This month Suzi Hall writes about healthy eating in Thailand.
Recently, I have seriously considered designing a F.A.Q t-shirt for the benefit of all the people I meet on a professional and personal level. As a personal trainer the ‘million dollar’ question I get asked with regular vigour is; What should I eat?
My outlook on nutrition has always been one of balance, if you pig out and have a treat (or two) or heavy night, endeavour to eat and drink well the next day. A good depiction of this is the 80/20 rule. Eat well Monday to Friday and relax at the weekends with the pizza and red wine you have been fantasising about since Monday.
Visitors to Thailand eating predominantly in restaurants can find it hard to focus on healthy eating, especially as sugar and salt is added to everything you eat and drink! It is a country famous for its delicious cuisine, which mistakenly tourists only consider to be Green Curry and Phad Thai. Local meals include steamed rice, a watery curry with vegetables or meat, smoked fish and eggs. No heavy coconut cream and oils.
Through my own experience and frustration of not having steamed or raw veggies I have found a way to eat very well here. I visit the local markets twice a week stocking up on fruits, vegetables and a ton of coriander, which is great with tuna in a salad. I get tinned fish for my omega 6 and nuts for my omega 3. An apple everyday, yogurts for a snack attack and porridge with honey for breakie (I also have a stash of Marmite, for my bread and butter days)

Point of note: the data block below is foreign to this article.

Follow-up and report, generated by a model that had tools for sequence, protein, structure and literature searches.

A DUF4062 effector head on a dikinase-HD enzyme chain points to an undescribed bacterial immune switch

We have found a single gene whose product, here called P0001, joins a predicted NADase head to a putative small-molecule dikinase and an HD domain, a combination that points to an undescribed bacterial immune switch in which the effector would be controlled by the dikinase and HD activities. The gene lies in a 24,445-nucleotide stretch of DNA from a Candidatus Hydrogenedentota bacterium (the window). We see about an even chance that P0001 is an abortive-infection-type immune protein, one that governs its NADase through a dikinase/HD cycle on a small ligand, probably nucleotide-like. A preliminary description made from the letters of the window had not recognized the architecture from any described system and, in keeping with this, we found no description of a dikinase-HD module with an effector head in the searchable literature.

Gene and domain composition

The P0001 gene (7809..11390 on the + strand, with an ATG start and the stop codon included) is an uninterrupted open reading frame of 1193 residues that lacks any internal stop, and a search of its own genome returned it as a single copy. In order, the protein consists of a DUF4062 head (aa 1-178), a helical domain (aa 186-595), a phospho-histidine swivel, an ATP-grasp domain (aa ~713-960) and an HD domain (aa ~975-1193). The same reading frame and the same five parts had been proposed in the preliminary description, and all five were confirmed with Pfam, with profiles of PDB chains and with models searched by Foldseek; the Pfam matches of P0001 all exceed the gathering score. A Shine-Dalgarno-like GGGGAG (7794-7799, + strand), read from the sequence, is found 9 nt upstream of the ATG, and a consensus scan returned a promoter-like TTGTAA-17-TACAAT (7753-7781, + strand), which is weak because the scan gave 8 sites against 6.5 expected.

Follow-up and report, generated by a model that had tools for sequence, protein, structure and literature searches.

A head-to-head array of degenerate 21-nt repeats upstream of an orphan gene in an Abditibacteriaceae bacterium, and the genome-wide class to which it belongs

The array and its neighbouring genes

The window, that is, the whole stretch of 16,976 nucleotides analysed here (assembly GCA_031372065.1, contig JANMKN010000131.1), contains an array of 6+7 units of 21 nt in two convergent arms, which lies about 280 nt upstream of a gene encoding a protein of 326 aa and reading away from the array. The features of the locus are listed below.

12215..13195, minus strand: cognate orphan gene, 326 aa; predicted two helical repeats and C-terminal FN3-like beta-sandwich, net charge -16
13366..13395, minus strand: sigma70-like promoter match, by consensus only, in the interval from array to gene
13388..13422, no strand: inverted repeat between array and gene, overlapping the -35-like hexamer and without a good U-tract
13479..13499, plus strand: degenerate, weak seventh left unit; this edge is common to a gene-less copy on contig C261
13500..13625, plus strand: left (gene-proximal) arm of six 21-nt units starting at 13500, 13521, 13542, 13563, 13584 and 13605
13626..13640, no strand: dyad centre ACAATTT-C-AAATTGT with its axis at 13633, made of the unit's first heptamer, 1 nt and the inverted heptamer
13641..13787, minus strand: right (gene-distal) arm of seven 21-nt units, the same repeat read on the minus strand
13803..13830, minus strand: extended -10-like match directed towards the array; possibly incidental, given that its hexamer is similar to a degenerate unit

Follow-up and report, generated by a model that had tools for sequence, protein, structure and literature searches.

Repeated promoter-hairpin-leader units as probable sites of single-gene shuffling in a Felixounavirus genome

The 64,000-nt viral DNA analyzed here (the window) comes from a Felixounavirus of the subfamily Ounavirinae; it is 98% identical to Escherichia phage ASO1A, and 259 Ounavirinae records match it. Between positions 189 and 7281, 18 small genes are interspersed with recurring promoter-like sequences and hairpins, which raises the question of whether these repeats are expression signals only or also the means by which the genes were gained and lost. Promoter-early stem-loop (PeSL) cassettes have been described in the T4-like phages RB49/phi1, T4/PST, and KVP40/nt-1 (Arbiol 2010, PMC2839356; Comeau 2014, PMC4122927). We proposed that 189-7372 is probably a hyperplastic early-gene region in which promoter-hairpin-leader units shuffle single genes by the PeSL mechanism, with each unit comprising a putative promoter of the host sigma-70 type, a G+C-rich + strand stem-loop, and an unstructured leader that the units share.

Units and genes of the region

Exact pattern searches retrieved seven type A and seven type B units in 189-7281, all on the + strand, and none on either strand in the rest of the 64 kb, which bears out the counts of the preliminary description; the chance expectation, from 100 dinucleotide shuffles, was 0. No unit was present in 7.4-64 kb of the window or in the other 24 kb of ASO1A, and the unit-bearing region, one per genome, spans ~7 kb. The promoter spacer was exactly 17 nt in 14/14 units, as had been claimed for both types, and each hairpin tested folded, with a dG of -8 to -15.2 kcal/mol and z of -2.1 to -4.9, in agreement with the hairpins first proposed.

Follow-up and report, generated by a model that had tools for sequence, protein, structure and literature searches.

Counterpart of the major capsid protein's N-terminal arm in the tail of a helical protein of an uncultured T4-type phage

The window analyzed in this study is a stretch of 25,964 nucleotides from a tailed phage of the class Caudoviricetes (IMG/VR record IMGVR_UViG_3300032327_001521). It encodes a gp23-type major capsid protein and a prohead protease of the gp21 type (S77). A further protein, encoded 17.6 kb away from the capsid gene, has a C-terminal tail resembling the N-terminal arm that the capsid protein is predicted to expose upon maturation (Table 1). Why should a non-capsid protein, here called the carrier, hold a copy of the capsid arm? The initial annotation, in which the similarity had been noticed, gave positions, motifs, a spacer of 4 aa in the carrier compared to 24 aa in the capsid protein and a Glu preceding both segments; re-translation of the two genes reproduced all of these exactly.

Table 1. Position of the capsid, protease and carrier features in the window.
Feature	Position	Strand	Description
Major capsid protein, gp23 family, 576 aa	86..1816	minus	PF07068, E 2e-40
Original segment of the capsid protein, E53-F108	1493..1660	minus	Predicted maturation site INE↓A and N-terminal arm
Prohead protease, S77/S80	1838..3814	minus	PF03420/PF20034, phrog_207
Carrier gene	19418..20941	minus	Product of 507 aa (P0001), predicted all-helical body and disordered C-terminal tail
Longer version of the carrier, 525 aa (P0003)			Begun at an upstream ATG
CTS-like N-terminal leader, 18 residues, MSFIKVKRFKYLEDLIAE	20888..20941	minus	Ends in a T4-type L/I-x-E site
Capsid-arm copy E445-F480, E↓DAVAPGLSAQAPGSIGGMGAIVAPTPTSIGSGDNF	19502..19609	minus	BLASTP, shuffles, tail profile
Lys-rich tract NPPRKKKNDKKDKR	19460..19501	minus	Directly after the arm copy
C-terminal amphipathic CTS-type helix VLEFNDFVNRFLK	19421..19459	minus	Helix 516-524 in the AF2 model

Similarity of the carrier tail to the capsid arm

There is also a vast assortment of dishes you can try in Thailand that are light and nutritious. These are some of my favourites;
Kanom Jeen (Literal translation Chinese candy)
This is a simple breakfast/lunchtime meal of rice noodles topped with a curry sauce that varies from sweet to ‘blind you spicy’. It is served with a variety of leafy herbs, green vegetables like cucumber, long beans and raw eggplant, you can also add a boiled egg and some picked veggies. The idea is ’add all you want’ to your dish, seconds and thirds, just pack yourself full of good, green, happy foods.
Som Tam (Papaya Salad)
Made with unripe papayas mixed with string beans, tomatoes and chillies. All of these are thrashed together using a pestle and mortar with garlic, lemon juice and fish sauce. (Pet or Mai pet is up to you) Yam Mamuoang is similar but made with sour mango, one to try.
Larb (chicken, pork, beef or duck)
Minced meat mixed with chilli, coriander and garlic served with sticky rice and som tam. Simple, healthy and tasty!
A staple of mine! You cannot beat the hot, spicy soup and kick ass health properties of ginger, chilli and lemongrass. Have it spicy with prawns or pork, a side of rice and ride the ‘chilli train’!
Be adventurous with your meal choices, try the variety of scrumptious Thai food available and eat it spicy (chilli has an enormous number of health benefits) In a country that is obsessed with eating, their greeting basically asks not how you are, but have you eat
Top Tips for Snacks:
- Apples, lycees and magosteen from Market
- Nuts: Almonds are great, also groundnuts and broad beans (available at 7/11)
- Yogurts (plain as possible)
- Wasabi peas
- Fruit shake (no sugar in Thai: mai naam-dtaan ka/krap)
- Boiled eggs from 7/11